AAS Meeting #194 - Chicago, Illinois, May/June 1999
Session 50. High Angular Resolution Science with the NRAO Very Long Baseline Array
Display, Tuesday, June 1, 1999, 10:00am-7:00pm, Southwest Exhibit Hall

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[50.23] A VLBA Survey of Flat-Spectrum FIRST Sources

J.S. Ulvestad, E.B. Fomalont (NRAO), H. Kimora (NRO-Mitaka)

The VLBA has been used to conduct a 5-GHz snapshot survey of a complete subset of 161 radio sources from the VLA FIRST (Faint Images of the Radio Sky at Twenty cm) survey. The purpose of the observations was to determine the distribution of properties of a set of weak compact radio sources, for comparison to VLBI surveys that have been performed on stronger objects. Selection criteria were (1) total flux density greater than 50~mJy at 4.85 GHz, from the GB6 survey; (2) two-point spectral indices flatter than -0.5 between 1.4 GHz (FIRST) and 4.85 GHz (GB6); and (3) source positions in the range 6h\llap{.}5 < \alpha < 17h\llap{.}5 and 29\circ < \delta < 34\circ. The flux-density limit is seven times fainter than the Caltech-Jodrell (CJ) VLBI surveys, which reached a limit of 0.35~Jy.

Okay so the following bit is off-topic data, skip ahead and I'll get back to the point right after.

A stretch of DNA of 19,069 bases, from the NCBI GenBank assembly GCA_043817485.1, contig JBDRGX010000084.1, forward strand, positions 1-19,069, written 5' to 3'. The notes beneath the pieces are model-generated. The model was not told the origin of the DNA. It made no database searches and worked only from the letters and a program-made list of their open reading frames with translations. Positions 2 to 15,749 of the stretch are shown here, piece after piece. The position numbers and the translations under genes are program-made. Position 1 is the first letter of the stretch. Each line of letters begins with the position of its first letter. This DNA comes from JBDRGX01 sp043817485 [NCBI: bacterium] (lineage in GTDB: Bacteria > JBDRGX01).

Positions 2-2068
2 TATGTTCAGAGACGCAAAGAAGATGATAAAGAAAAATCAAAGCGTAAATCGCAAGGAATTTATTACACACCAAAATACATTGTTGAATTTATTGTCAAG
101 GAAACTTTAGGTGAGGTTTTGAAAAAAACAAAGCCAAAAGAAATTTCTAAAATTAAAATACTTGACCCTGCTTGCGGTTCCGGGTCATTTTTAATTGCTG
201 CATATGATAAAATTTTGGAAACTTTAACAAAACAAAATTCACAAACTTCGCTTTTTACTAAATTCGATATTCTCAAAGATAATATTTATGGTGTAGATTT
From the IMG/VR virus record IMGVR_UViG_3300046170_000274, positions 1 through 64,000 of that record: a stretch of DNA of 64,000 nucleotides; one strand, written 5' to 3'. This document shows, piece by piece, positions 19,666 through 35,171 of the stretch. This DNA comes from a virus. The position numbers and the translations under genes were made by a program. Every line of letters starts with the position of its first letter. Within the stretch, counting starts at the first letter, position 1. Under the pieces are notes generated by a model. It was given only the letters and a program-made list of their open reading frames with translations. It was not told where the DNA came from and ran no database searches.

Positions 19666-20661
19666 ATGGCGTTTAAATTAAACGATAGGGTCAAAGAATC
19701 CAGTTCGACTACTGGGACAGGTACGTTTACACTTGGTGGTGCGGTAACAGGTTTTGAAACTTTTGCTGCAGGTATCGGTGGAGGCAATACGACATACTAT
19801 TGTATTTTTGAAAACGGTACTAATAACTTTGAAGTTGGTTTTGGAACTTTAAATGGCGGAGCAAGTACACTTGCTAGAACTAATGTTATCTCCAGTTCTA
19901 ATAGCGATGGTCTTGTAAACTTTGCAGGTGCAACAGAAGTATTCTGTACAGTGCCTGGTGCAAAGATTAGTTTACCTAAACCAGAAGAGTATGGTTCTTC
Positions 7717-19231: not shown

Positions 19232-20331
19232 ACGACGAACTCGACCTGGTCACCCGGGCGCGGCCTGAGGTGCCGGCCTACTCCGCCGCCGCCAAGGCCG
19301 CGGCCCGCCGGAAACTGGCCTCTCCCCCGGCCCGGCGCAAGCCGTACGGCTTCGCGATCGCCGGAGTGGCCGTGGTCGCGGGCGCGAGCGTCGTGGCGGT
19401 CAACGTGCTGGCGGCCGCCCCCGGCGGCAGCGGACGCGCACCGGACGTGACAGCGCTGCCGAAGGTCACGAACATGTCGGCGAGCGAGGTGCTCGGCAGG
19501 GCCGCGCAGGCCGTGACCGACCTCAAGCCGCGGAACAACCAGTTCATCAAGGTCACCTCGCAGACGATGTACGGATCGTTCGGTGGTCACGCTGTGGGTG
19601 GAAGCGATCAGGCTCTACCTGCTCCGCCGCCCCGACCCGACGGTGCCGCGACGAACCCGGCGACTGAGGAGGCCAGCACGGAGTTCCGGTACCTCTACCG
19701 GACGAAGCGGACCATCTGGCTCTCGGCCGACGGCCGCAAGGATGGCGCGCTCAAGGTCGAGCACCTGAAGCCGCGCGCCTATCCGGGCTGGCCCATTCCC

The 161 sources in the sample were observed in a single 12-hr VLBA run, using eight frequencies spread across 500~MHz in order to derive source positions via bandwidth synthesis. Each object was observed for 3--3.5 minutes, and all sources were detected and imaged. Source position errors are 10--20~mas in each coordinate, and the dynamic ranges in the final images range from ~40:1 to ~400:1. For the typical beam size of 3.5\times 1.2~mas, only about 20--30% of the sources are resolved, and no more than 10% of the sample sources are larger than two beams across. Preliminary indications are that the typical FIRST sources appear more compact than those in the CJ surveys, although interpretation is complicated by the limited (u,v\/) coverage and dynamic range available for 10-antenna snapshots. Tabulated results and images of the significantly resolved sources will be presented.

The National Radio Astronomy Observatory is a facility of the National Science Foundation operated under cooperative agreement by Associated Universities, Inc.

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